The 33-year-old says he still struggles with some of the effects of multiple concussions. "I can't exercise at 100% without getting a headache. I take medication for my headaches that also enhances my cognition. I'm still highly functional but I'm definitely different," Nowinski says. He doesn't have any trouble reading or driving, but concentrating can be a problem when he doesn't take his medication.
Nowinski spent hours in the Harvard library reading about concussions. His research led him to conclude that athletes were "all just being lied to about the consequences of playing some sports."
He realized he had been "recklessly hitting my head for 19 years" without ever hearing about concussions. "No one talked to the athletes about [concussions], so we never said anything when we were dizzy or seeing double."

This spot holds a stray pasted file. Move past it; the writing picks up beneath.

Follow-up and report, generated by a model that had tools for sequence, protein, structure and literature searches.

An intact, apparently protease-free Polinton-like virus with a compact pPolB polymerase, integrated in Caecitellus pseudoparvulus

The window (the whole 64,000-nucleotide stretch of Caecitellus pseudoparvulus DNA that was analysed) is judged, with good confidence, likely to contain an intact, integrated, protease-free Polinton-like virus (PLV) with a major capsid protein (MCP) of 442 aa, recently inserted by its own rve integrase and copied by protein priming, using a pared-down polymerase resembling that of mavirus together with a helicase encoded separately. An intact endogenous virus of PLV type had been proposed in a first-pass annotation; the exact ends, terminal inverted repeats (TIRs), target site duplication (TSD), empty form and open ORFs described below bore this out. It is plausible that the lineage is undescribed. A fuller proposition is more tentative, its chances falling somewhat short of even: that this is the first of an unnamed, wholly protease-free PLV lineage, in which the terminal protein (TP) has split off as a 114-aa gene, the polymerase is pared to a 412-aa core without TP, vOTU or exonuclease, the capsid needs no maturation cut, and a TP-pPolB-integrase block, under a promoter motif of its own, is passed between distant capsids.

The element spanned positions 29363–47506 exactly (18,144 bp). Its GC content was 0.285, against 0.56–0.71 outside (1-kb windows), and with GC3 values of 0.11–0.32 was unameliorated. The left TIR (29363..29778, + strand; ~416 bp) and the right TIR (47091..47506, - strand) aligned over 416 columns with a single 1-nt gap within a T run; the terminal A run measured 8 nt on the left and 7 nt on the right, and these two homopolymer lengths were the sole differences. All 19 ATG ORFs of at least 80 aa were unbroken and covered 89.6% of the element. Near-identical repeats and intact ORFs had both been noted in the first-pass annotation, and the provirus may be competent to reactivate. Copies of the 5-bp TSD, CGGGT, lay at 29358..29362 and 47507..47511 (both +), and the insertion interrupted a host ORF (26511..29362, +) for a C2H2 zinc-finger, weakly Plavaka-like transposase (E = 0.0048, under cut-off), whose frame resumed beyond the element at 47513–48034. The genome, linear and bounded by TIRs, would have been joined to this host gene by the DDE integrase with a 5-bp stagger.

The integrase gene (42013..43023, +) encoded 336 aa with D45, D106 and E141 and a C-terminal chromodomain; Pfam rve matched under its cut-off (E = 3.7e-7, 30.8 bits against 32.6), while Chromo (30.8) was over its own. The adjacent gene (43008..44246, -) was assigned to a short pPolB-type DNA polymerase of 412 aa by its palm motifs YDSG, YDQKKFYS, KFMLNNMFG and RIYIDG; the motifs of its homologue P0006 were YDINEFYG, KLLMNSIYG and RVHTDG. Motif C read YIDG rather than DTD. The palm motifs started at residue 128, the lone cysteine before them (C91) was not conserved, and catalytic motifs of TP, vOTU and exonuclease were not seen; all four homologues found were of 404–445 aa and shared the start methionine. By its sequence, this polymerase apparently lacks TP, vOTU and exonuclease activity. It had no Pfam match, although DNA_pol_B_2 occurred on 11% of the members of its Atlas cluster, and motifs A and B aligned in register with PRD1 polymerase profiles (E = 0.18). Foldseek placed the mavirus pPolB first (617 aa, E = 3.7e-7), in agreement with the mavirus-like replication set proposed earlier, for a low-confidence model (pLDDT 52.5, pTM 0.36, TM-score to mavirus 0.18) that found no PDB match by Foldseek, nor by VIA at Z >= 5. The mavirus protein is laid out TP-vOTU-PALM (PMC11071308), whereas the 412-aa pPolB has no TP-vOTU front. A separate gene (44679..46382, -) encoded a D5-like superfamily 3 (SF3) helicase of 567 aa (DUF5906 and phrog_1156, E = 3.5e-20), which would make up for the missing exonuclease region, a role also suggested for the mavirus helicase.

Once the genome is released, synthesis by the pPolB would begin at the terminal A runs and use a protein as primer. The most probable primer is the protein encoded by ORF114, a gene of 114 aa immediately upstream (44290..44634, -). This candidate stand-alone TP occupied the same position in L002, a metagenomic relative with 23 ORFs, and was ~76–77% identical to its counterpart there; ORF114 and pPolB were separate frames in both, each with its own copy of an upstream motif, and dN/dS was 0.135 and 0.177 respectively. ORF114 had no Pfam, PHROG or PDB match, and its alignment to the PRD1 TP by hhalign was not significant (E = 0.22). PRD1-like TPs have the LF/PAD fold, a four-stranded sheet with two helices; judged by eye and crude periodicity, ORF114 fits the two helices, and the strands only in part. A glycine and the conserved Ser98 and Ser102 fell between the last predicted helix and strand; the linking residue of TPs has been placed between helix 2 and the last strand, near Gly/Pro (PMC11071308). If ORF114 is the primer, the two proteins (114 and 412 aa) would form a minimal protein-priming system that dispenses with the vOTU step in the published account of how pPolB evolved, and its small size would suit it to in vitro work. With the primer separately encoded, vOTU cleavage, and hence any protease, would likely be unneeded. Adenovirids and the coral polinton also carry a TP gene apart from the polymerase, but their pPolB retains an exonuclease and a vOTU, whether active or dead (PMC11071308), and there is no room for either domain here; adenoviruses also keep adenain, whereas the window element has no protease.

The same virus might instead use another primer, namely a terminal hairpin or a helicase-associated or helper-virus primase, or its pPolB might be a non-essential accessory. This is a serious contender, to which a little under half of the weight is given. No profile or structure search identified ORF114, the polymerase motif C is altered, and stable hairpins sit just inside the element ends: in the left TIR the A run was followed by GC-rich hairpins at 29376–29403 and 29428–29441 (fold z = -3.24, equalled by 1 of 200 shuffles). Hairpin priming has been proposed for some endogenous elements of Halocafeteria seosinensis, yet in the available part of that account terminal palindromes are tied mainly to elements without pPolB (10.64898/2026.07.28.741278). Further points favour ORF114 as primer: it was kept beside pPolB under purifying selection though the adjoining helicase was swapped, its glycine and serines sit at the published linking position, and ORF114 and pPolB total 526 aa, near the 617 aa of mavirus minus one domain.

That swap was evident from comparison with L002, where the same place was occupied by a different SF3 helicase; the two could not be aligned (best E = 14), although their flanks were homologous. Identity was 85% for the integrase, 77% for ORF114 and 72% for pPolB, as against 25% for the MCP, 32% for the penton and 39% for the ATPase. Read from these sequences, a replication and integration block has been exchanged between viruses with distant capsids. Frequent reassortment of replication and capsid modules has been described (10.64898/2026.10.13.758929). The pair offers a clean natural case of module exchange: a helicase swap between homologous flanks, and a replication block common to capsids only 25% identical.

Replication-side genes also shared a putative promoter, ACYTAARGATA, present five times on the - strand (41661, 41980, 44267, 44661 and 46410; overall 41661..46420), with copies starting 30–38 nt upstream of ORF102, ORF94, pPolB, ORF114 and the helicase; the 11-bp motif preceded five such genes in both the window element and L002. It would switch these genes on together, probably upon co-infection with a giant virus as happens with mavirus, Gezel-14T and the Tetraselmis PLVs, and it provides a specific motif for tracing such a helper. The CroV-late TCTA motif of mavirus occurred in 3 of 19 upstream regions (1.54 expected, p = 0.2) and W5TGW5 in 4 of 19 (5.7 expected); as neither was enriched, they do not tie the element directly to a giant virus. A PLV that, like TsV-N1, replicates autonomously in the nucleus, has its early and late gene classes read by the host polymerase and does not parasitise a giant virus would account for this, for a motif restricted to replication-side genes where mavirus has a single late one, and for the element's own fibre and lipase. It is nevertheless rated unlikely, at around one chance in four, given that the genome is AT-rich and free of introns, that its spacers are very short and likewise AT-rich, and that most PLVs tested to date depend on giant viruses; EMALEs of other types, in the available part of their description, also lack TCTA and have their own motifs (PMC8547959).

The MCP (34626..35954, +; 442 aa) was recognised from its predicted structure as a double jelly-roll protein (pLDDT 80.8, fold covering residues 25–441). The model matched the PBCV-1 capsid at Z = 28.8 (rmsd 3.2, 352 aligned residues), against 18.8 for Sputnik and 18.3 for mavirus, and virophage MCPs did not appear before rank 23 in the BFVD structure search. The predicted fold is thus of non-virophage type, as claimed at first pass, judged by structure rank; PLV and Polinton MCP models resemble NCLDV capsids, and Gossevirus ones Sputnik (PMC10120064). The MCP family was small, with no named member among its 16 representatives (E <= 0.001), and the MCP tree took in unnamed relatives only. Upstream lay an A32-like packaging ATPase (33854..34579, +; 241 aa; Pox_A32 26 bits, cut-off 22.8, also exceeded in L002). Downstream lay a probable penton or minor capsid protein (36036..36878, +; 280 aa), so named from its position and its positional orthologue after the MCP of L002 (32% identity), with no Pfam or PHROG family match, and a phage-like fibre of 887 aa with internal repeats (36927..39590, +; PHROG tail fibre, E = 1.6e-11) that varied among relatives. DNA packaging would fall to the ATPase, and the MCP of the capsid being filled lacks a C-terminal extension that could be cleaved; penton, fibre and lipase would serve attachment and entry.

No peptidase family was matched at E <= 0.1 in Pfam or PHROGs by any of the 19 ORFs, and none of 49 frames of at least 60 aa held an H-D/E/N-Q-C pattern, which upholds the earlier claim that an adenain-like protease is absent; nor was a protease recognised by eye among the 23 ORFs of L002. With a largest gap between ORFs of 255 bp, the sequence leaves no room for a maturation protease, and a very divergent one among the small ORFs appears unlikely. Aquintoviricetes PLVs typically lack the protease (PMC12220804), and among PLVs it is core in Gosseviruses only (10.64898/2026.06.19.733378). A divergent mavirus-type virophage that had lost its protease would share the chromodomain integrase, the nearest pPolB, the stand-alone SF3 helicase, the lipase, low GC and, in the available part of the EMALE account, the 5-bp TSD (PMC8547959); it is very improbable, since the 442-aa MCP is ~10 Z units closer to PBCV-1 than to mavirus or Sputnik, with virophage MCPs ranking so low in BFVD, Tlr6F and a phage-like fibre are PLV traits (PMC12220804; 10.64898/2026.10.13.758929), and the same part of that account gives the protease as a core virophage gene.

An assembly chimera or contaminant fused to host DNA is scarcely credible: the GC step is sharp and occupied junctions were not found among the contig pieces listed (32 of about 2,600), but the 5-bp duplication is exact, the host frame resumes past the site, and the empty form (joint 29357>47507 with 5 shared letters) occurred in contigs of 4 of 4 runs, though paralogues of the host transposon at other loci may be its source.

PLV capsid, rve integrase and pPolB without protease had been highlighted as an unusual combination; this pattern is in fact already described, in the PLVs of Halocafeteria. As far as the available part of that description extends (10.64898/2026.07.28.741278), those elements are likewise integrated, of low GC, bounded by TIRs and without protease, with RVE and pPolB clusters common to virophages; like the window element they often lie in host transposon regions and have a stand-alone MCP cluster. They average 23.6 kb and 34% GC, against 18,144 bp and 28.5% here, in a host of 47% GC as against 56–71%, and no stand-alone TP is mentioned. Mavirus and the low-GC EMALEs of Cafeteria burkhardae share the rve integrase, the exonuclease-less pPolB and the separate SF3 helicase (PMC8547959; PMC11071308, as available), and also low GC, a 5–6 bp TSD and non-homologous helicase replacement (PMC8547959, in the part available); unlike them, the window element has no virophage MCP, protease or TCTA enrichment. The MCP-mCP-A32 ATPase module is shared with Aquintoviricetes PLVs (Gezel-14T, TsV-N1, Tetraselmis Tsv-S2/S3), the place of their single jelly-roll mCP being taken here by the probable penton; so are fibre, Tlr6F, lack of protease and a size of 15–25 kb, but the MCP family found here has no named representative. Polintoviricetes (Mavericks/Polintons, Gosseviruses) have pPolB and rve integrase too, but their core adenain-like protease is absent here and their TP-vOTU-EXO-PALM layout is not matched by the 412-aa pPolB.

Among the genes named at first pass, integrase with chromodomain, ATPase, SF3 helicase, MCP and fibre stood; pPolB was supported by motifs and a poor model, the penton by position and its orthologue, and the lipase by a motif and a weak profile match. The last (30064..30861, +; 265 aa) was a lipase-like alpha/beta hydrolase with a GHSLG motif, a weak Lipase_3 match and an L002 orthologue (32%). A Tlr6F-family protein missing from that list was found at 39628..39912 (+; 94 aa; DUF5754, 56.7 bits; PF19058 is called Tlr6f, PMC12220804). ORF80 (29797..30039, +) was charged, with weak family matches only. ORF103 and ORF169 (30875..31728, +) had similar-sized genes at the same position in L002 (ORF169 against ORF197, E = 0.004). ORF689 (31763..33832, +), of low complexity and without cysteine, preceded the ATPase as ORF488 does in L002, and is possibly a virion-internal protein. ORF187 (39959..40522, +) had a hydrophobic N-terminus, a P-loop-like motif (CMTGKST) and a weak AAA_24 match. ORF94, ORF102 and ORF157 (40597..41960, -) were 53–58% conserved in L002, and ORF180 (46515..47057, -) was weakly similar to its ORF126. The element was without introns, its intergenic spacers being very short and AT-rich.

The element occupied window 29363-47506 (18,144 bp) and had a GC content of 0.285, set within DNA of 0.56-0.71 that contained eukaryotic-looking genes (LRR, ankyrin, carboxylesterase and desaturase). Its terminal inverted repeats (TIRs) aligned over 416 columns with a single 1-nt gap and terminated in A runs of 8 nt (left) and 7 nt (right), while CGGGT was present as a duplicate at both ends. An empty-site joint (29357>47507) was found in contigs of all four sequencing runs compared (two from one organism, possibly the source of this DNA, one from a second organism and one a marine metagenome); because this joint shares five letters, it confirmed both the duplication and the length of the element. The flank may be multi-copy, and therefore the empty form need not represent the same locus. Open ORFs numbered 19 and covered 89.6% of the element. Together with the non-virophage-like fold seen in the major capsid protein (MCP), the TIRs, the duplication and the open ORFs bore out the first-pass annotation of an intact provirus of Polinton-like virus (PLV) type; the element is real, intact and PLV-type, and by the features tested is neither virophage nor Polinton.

His research led him to write Head Games: Football's Concussion Crisis to educate parents, coaches, medical professionals, and others about the long-term effects of brain trauma.
He realized that people needed physical evidence to change their minds and started actively pursuing brains for study. He began calling families of deceased athletes asking for brain donations for research.
His first brain—or rather brain tissue—came from Andre Waters, a former NFL defensive back who committed suicide in 2006. Examination of Waters' brain tissue produced evidence that the 44-year-old suffered from chronic traumatic encephalopathy or CTE, which is a progressive degenerative disease related to repetitive brain trauma.
Nowinski's campaign to publicize those results is credited with driving the national discussion about the effect of repetitive brain trauma on athletes.